heal the divide

We just witnessed one of the most contentious elections in the history of our country. The campaigns and the election process clearly highlighted that our country is deeply divided, split into extreme binary camps and that civil political discourse is a complete unknown to most of the population.

Joe Biden called for unity during his victory speech. There is nothing more important to the health and well-being of our republic than healing the divide that is the gaping wound at the heart of our nation. We are not Democrats versus Republicans, right-wing versus left-wing, red versus blue. We are all Americans – not some binary paradigm – who pursue life, liberty and happiness. It sounds like a slogan. Is unity really possible to achieve?

Time and time again, this country has proven that a unified nation is not only possible, but elevates the standing of all members of the republic. World War II, Kennedy’s assassination and 9/11 are three events in the past century that coalesced our country. Let’s make this another.

We must accept our interdependence. The Declaration of Independence specifically mentions the pursuit of happiness – not as an individual goal, but as the whole point of our society. Thomas Jefferson based this notion on the Aristotelian idea that “man is, by nature, a social animal” who finds meaning in relation to other humans. We must embrace empathy, compassion and civil discourse in order to shape a more perfect union. How can we achieve such a lofty goal when two sides have become so deeply entrenched in their camps, that neither truly wants to listen?

This cannot be a federal mandate. No blanket law can force the change we so desperately need. Just like all movements that have created true reform, this one must start at the grassroots level, in the most personal and intimate way – break bread together.

Food is our universal language. We don’t always have everything in common (sometimes we have little mutual interest), but we all have to eat. As humans, we all have strong cultural ties to food. If we have to eat is not in question. We must eat in order to survive. How we choose to eat and with whom, on the other hand, are where the solution lies.

The proof is in (sharing) the pudding. Science has shown us the benefits of the shared meal – as an opportunity to slow down, de-stress, catch up, share stories, teach and learn, and most importantly to bond. Many of us are literally starved for connections. Food nourishes mind, body and soul. Food shapes us, creates our identities, and even forms our relations to others.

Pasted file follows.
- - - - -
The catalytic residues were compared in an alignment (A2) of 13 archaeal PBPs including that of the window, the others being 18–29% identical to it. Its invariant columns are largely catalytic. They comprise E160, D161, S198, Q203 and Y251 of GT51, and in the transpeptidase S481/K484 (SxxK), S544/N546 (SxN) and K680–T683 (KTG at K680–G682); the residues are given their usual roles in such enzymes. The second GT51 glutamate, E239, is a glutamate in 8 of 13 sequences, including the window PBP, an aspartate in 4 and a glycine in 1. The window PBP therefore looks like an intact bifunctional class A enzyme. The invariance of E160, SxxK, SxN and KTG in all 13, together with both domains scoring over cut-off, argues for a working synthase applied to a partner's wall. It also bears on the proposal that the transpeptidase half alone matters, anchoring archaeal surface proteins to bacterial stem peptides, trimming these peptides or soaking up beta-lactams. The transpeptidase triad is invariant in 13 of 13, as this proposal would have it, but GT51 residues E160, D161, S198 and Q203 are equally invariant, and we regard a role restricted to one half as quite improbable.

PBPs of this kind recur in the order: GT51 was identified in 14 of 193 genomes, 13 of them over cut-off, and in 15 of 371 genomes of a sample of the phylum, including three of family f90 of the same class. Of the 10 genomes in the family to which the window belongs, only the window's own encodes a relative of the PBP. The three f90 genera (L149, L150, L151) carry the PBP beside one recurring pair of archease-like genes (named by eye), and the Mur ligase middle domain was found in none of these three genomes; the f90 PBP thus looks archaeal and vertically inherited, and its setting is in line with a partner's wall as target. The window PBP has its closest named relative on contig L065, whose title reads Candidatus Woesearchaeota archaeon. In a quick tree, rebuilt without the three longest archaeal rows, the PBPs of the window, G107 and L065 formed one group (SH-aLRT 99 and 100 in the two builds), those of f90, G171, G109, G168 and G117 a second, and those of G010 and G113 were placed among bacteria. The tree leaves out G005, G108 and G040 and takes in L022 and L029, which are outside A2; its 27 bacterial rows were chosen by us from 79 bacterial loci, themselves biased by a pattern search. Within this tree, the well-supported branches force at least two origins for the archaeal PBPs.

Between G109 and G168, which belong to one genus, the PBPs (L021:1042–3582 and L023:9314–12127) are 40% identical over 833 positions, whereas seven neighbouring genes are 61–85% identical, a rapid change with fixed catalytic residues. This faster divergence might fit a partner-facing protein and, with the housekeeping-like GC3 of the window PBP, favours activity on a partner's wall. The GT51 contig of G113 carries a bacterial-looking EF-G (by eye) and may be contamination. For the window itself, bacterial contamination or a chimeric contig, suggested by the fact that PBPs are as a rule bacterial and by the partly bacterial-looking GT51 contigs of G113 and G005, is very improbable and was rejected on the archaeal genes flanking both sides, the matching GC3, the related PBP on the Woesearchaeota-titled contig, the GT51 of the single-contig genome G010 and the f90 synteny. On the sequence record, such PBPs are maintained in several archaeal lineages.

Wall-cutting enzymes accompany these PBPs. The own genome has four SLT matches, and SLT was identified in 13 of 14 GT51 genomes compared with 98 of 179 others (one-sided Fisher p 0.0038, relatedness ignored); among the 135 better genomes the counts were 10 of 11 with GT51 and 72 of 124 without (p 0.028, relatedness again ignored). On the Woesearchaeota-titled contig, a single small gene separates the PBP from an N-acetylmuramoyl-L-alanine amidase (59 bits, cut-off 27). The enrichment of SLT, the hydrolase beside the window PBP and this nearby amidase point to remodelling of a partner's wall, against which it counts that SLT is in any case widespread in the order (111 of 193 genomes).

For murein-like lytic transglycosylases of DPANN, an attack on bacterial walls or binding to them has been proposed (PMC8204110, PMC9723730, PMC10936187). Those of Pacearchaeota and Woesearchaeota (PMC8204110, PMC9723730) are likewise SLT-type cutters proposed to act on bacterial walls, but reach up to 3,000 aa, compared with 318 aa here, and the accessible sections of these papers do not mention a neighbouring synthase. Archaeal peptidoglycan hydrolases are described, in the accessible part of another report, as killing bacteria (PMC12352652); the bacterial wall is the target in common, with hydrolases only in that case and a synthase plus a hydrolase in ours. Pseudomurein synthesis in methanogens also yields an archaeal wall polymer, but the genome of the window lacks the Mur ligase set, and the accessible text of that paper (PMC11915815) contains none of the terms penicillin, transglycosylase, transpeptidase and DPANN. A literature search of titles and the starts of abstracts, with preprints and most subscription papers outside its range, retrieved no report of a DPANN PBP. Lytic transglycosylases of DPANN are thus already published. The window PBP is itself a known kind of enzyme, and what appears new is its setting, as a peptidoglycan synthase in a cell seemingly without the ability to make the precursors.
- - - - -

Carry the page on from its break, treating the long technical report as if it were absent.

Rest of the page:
We have countless examples of how food has broken down barriers and created space for connection. Hillary Clinton stated when she launched American Chef Corps, “Food isn’t traditionally thought of as a diplomatic tool, but I think it’s the oldest diplomatic tool. Sharing a meal can help people transcend boundaries and build bridges in a way that nothing else can.” Indeed, we can trace gastrodiplomacy all the way back to the Romans who made peace with their enemies over a shared meal. In my work with families, companies and communities, I have seen food’s ability to shatter walls and tease out conversation. If we care to heal the divide that seeks to destroy our democracy, we must reach across the aisle (or table) to find common ground.

Go ahead, open up the conversation, do not ignore topics that are difficult. The outcome hinges not on the subject matter, but on our ability to hear differing perspectives and our capacity to ask tough questions. The point of your conversation should be bridge building, so approach from a point of curiosity and respect. Stay away from personal attacks – you can respect their opinion without agreeing. Also, discuss issues, not personalities. When you talk about values and issues, you can share the experiences that motivate your position.

Teach the next generation. Children are the future and we must invest the time and effort to promote empathy, compassion, collaboration and connection in them. Kids can learn so much from family meals – teamwork in the preparation, empowerment when they voice their opinions, empathy through discussion of important issues and compassion when they encounter different points of view. Civil discourse should start at the dinner table.

This Thanksgiving, start at your own table. Then expand into new avenues – share a recipe from your meal with a neighbor or friend whose traditions are different. Talk to a stranger in the produce aisle (with your mask on and at a social distance) about an unfamiliar fruit or vegetable. Cook with people via zoom. Create a food swap in your community. Share the bounty from your garden. Visit a supermarket that carries exotic foods and learn how to use new ingredients. Food can open up new horizons and opportunities to connect with people we see as “other” or different.

Our democracy is built on the foundation that we all come from different viewpoints and ideologies. Intense political conflict is as American as apple pie. Believe it or not, it is a sign that our democracy is healthy. In the end, we must remember that no matter how much we disagree on any given issue, the shared democratic values and principles that make our system of government work are what we have in common. In the words of George W. Bush, “We have never been held together by blood or background. We are bound by things of the spirit – by shared commitments to common ideals.” Now, pass the gravy.